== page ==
Programming languages and transportation

Last week there was a gag listicle making the rounds entitled If programming languages were vehicles and I lol’d along with the rest of them, but then I kept thinking about it and a bunch of the entries just seemed to miss the mark. And I’m in a silly sort of mood, so here is MY version: slightly different language selection, just as opinionated, 100% more Truth™.

All images from Wikimedia Commons.

Mercedes V6 automobile engine
Mercedes V6 DTM Rennmotor 1996

C is an internal combustion engine: it’s changed only incrementally since it was first invented, and it’s still an essential component of nearly everything else on this list, but if you’re in need of a vehicle you’ve got a shit-ton of additional work ahead of you. And there are those who would say that essential aspects of its design are dangerous to the general public.

Warehouse aisle full of unidentifiable items
Warehouse aisle full of unidentifiable items

C++ is an auto parts warehouse. Dig around in there long enough and you’ll find everything you need to construct whatever sort of vehicle you want, especially if you don’t mind a side trip to the even bigger Boost warehouse next door. You’ll still have to put it all together, though, and be careful which boxes you open: rumor has it this warehouse was once used to store … other things.

1971 Ford Ranchero Squire from front
1971 Ranchero Squire

Java is a fully operational vehicle! Unfortunately, it’s one of those big American clunkers from the 1970s; breaks down a lot, lousy gas mileage, and aggressively styled in a way that just looks tacky nowadays.

1971 Cadillac de Ville from rear
1972 Cadillac de Ville

C is much the same as Java, but from a different manufacturer.

HH-65C Dolphin helicopter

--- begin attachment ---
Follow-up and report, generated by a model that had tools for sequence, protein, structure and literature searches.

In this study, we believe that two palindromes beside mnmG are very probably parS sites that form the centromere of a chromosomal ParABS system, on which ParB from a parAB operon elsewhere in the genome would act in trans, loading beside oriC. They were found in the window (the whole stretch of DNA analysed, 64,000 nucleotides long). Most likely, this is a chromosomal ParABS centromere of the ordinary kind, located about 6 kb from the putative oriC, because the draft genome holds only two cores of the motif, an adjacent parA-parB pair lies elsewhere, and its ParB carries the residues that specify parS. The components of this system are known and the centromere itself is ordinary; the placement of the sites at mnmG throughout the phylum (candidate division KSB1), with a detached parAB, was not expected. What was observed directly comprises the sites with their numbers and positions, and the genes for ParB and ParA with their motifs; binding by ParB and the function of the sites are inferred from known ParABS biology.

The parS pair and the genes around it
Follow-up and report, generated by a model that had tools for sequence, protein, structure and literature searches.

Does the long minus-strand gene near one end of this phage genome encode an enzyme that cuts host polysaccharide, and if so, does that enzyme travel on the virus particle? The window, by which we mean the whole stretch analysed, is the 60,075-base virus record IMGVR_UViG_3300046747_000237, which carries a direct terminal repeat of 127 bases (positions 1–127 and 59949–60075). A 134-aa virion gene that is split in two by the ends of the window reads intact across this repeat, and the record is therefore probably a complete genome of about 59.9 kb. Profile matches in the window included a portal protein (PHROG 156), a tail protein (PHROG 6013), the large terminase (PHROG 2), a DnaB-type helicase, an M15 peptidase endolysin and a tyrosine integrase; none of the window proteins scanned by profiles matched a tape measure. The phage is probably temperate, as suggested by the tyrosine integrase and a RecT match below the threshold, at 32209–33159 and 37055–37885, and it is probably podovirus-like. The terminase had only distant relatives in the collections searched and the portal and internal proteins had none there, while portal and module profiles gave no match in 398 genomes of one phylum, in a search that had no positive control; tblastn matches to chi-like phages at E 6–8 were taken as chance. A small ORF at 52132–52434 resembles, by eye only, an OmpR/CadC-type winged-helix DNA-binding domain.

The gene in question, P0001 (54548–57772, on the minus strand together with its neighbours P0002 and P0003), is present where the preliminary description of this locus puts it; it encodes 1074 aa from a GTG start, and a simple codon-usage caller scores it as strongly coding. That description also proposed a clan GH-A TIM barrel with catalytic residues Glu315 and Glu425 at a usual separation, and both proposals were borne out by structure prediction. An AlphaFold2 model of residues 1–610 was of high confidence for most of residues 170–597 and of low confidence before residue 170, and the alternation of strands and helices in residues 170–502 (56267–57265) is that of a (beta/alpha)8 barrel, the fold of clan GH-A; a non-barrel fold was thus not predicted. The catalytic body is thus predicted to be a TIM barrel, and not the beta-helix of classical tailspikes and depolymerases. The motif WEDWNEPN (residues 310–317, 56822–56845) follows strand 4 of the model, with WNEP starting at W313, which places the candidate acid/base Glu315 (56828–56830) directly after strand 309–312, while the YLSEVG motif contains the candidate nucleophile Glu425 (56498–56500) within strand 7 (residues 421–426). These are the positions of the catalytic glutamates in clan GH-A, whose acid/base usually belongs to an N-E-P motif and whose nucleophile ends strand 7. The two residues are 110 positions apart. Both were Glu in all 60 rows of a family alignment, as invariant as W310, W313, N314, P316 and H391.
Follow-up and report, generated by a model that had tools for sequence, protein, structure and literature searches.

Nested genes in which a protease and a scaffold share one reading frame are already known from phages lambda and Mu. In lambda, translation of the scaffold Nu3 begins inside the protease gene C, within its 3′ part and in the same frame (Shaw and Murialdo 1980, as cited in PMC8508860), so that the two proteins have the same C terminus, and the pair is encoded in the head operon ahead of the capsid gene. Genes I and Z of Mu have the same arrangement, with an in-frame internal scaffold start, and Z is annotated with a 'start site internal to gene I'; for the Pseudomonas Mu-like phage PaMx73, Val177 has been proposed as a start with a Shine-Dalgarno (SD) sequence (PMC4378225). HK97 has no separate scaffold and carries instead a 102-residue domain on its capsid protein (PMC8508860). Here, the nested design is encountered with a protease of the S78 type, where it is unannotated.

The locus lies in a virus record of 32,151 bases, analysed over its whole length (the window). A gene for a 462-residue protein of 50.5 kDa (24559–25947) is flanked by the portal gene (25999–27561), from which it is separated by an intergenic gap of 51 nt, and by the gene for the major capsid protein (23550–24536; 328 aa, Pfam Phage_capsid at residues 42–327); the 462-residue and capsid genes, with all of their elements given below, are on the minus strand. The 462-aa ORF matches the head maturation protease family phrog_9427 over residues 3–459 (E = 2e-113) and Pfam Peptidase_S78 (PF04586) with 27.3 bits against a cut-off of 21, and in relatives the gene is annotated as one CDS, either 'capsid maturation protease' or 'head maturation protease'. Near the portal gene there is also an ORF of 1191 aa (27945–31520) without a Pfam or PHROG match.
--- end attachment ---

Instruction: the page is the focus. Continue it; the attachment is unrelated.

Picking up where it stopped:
HH-65C Dolphin helicopter

Python has definite opinions about the proper way to travel, but is still versatile enough to be found all over the world, doing all sorts of odd jobs.

Chitty Chitty Bang Bang (the flying amphibious car)
Chitty Chitty Bang Bang (the flying amphibious car)

Perl goes out of its way not to express an opinion about how you should travel. Despite this radically different philosophy (and surface styling), it gets used for almost exactly the same kinds of odd jobs as Python.

Fiat Topolino hotrod
Fiat Topolino hotrod

PHP is even tackier than Java, and it seems to attract the sort of drivers who are a danger to themselves and everyone around them, but it gets you there fast and cheap, and isn’t that what really matters?

Rusty Luck — beat-up old car with fancy engine
Rusty Luck — beat-up old car with fancy engine

JavaScript looks like something that someone built in a cave out of a random sample of boxes from the C++ warehouse, but it’s proven to be just as versatile as Python or Perl, and if it breaks down you can usually repair it with a screwdriver and a big rock.

GM Hy-Wire concept car
GM Hy-Wire concept car

Dart and Go and Rust and Swift embody lots of good ideas, but might not ever make it into production, and of those that do, it’s much too early to tell what they’ll wind up being used for.

Freight train outside Caliente, CA
Freight train outside Caliente, CA

Lots of people think of them as forgotten relics of the past, but COBOL and FORTRAN and SQL and MUMPS and so on are still out there hauling freight.

Renault FT-17 (World War I-era tank)
Renault FT-17 (World War I-era tank)

MATLAB is only good at one thing, but a lot of people seem willing to put up with its bulk, expense, awful gas mileage, and even worse ergonomics because of that one thing.

Marder 1A3 infantry fighting vehicle
Marder 1A3 infantry fighting vehicle

R is also only good at one thing (related to, but not the same as, MATLAB’s one thing), and shares many of MATLAB’s ergonomic problems, but it’s cheaper, handles better, and (despite the ergonomic problems) is more pleasant to work with.

TARDIS
TARDIS

Lisp has been around forever, and for that whole time has been more advanced than most anything else you can find, but is difficult for the average driver to wrap their head around. It’s as if it were provided to us by aliens or something.

Responses to “Programming languages and transportation”

  1. mayank

    I like your version better. more accurate, more hands-on.

  2. Anonymous

    I personally prefer to think of C as a bicycle: it’ll get you where you’re going a lot more efficiently than anything else, but it has no protection, so if anything on the road touches it you’re going to die.

  3. Harsh86

    It seems like PHP is a love it hate it kind of language.

    I think its because its so flexible that some people use it like its VBscript and others like its Typeless Java.

    If you use it right then its a very safe and comfortable drive, with a ton of accessories available.